Generally favorable reviews - based on 15 Critics What's this?

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Generally favorable reviews- based on 5 Ratings

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  • Summary: When people ask her "How does it feel to be a rock icon?" Patti Smith says she "always thinks of Mount Rushmore." Steven Sebring's directorial debut takes a lyrical, stream-of-consciousness approach that is exactly right in his affecting portrait of the "rock-and-roll Joan of Arc." She can bring a crowd of devotees to its feet chanting "Glor-i-a!" as effectively as she can share her pain over the early death of her husband, Fred Smith, her brother, her close friend Robert Mapplethorpe, and other artists she admires. Everyone knows that Patti Smith's music, poetry, and politics are fearless, funny, raw, and original. But this film also captures her physical presence--her gamine beauty and charming, self-effacing style--that will take you by surprise and leave you deeply moved. (Palm Pictures) Expand
Score distribution:
  1. Positive: 11 out of 15
  2. Negative: 0 out of 15
  1. A knowledge of Smith's landmark contribution as a rock 'n' roll pioneer is not essential, and the film should be a joy for anyone interested in pop culture of the past 40 years.
  2. A lovely, drifty first feature that feels less like a documentary and more like an act of rapturous devotion.
  3. 80
    Frequently beautiful and intermittently haunting and could be called a meditation on aging and mortality, an intimate study of a peculiar variety of fame and a portrait of a genuinely remarkable person.
  4. 70
    Steven Sebring spent a decade making this documentary about the punk poet, and it shows.
  5. Reviewed by: Robert Koehler
    The textured, thoughtful results may prove too cerebral and abstract for audiences beyond Smith's hardcore followers,
  6. When embraced on its own terms, the film will provide an ironic bridge for those who want to share a greater closeness with Smith.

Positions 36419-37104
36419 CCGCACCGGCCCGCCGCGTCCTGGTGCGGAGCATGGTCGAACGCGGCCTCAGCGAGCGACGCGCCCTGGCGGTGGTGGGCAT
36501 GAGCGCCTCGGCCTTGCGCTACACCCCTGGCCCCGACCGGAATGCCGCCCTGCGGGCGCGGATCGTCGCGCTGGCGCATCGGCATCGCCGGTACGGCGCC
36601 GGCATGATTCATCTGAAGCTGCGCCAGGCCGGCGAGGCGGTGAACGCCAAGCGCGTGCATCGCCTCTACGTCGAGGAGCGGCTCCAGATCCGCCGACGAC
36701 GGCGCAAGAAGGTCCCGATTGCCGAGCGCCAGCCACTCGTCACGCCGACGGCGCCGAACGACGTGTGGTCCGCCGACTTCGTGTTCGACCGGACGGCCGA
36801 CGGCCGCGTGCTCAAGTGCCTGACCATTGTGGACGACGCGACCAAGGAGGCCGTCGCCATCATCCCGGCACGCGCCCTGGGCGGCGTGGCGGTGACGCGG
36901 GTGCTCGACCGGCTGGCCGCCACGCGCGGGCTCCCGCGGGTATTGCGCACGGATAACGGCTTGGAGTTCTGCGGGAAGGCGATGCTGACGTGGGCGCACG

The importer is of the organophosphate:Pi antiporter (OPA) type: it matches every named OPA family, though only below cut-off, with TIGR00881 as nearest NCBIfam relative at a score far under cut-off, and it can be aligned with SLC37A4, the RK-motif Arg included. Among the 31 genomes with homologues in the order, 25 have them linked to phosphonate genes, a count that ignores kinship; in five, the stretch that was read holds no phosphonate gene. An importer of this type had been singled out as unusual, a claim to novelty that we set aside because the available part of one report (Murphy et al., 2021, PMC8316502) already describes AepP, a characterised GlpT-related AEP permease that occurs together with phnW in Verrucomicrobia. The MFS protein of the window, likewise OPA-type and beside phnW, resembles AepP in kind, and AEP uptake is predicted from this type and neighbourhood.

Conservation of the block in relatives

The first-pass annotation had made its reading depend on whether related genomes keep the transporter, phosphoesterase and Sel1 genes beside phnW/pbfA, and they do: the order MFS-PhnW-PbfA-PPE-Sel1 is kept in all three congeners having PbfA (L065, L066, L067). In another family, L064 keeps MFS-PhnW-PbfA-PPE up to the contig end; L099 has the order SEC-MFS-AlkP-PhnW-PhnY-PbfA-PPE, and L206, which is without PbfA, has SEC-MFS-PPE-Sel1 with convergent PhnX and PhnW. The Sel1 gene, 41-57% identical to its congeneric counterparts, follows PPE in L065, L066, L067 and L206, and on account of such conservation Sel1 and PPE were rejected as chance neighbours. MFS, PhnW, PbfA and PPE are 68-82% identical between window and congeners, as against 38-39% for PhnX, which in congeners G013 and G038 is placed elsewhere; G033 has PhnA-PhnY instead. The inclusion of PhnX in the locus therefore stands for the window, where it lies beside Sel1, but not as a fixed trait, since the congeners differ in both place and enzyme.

7. Reviewed by: Camille Dodero
    109 mostly black-and-white minutes of punk's wet nurse floating through the modern world while endlessly ruminating on mortality, art, and the occasional bodily function. Problem is, there's nary a hint of context, even with biographic essentials.

See all 15 Critic Reviews

Score distribution:
  1. Positive: 1 out of 2
  2. Mixed: 0 out of 2
  3. Negative: 1 out of 2
  1. MonkeyT
    May 9, 2009
    Beautiful!!!! Serene, funny, moving, powerful, passionate. A gem.
  2. JohnA
    Feb 26, 2009
    As much as I feel respect for Patti Smith, her art and over-indulgent self sadly form a thick pretentious cloud behind which her humour and true persona (of which tiny bits in this film are amazing) remains for most part unseen. She is an honest person, true to her beliefs and warm-heartedly leads us through the film but in general, the point is sadly missed - 'Dream of Life' should have been called 'Patti Smith - This and That', due to her exposure to daily routines of painting, taking pictures, singing in and out of tune, walking around graveyards to express respects and gratitude to her ever-beloved poet idols... maybe that was the concept of the film, and to record an in-depth ten years video diary and then try and squeeze it into 2 hours isn't at all greatful or easy, there is still plenty of unnecessary philosophy which might even provoke those more dedicated to drop a yawn or two. Expand